The Court of Appeals (CA) Manila 11th Division upheld the decision of the Monetary Board (MB) of the Bangko Sentral ng Pilipinas (BSP) to administratively indict Andrew A. Jereza, the former manager of the Rizal Commercial Banking Corporation (RCBC) Bacolod branch, for conducting banking business in an unsafe and unsound manner.
The CA decision dated July 12, 2021 upheld the MB Resolution directing the filing of a formal charge against Jereza, after finding that there is a prima facie case against him for conducting banking business in an unsafe or unsound manner under Section 37 of Republic Act (R.A.) No. 7653 (The New Central Bank Act) and Section 56 of R.A. No. 8791 (The General Banking Law of 2000), for having accepted the second-endorsed crossed checks for deposit to an account other than the payees of those checks.
On various dates in December 2008, and on February 26, 2010, the MB ordered the closure of 13 different banking institutions collectively referred to as the “Legacy Banks.” The Legacy Banks had a total of 49 banking units with an estimated insured deposit of P14.1 billion.
As deposit insurer, the PDIC paid the deposit insurance claims of concerned depositors through crossed checks “For Payee’s Account Only” drawn against the PDIC’s depository account with the Land Bank of the Philippines (LBP). However, some 683 returned cleared checks in the total amount of P98.73 million paid to 86 depositors were deposited to a single account with RCBC-Bacolod Branch via second endorsement. In its Decision, the CA agreed with the MB that with the deposit of the subject checks in a single account in a questionable manner, there exists prima facie case against Jereza for acts constituting doing business in an unsafe and unsound manner.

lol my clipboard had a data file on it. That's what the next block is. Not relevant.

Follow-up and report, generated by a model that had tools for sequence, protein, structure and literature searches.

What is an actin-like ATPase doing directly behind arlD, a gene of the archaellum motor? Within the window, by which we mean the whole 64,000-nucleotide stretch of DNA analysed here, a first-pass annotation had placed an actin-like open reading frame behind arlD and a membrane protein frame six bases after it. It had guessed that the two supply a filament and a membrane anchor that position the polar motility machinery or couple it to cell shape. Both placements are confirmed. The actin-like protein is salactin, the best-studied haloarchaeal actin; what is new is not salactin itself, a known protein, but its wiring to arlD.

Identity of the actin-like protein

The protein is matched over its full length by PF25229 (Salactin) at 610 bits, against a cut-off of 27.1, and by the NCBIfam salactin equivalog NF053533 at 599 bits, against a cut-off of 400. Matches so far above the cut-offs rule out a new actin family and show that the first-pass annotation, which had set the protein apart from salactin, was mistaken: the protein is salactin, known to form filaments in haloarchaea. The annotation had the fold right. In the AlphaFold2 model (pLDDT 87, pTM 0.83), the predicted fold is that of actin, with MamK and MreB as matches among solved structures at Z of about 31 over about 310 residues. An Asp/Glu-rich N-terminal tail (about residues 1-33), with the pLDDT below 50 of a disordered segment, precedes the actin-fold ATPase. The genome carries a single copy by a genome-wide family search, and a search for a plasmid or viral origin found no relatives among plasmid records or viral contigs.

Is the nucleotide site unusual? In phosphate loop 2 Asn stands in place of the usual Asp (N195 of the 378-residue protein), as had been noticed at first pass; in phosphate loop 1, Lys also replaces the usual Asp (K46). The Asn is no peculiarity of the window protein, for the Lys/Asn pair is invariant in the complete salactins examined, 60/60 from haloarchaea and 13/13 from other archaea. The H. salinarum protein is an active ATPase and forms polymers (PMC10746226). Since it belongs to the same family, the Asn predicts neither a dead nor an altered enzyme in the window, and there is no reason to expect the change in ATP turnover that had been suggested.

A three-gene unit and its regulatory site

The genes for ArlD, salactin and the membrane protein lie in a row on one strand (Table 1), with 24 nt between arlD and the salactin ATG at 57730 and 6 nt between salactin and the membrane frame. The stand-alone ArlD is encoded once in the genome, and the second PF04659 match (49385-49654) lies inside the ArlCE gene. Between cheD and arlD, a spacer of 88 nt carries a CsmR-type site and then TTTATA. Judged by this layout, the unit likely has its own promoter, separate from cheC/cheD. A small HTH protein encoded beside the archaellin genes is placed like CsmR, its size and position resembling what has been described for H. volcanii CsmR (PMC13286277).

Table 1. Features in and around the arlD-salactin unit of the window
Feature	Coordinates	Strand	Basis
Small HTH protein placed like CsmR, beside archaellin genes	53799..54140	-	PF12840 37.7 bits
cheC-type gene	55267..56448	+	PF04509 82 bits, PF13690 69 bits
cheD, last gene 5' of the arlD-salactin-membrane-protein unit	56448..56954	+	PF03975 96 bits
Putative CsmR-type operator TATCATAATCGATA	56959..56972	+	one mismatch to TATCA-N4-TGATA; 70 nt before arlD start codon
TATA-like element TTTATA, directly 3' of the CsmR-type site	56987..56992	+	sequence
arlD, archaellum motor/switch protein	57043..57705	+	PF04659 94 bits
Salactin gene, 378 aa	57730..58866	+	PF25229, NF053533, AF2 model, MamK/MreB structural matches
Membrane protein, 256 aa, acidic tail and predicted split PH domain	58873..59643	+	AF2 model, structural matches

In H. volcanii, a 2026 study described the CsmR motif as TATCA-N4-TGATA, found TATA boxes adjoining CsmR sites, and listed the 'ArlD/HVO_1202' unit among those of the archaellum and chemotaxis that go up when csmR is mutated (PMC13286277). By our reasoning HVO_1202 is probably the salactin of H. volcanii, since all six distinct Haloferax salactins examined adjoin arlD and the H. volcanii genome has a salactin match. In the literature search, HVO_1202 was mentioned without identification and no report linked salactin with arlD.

In a related case, the Supreme Court, in a decision dated 20 June 2018 (G.R. No. 234616), after finding probable cause for estafa and money laundering, directed the Department of Justice to file criminal information against the depositor in whose account the 683 crossed checks were deposited.
The PDIC continues with its pursuit of justice against erring bank owners, officers and unscrupulous parties who take advantage of the deposit insurance system for their personal gain. The Corporation’s vigorous legal actions are critical in protecting the interests of the depositors and the Deposit Insurance Fund, PDIC’s funding source for payment of deposit insurance; and in deterring other parties from taking advantage of the deposit insurance system.
The Philippine Deposit Insurance Corporation (PDIC) was established on June 22, 1963 by Republic Act 3591 to provide depositor protection and help maintain stability in the financial system by providing deposit insurance. Effective June 1, 2009, the maximum deposit insurance coverage is PhP500,000 per depositor. All deposit accounts by a depositor in a closed bank maintained in the same right and capacity shall be added together. A joint account shall be insured separately from any individually-owned deposit account.
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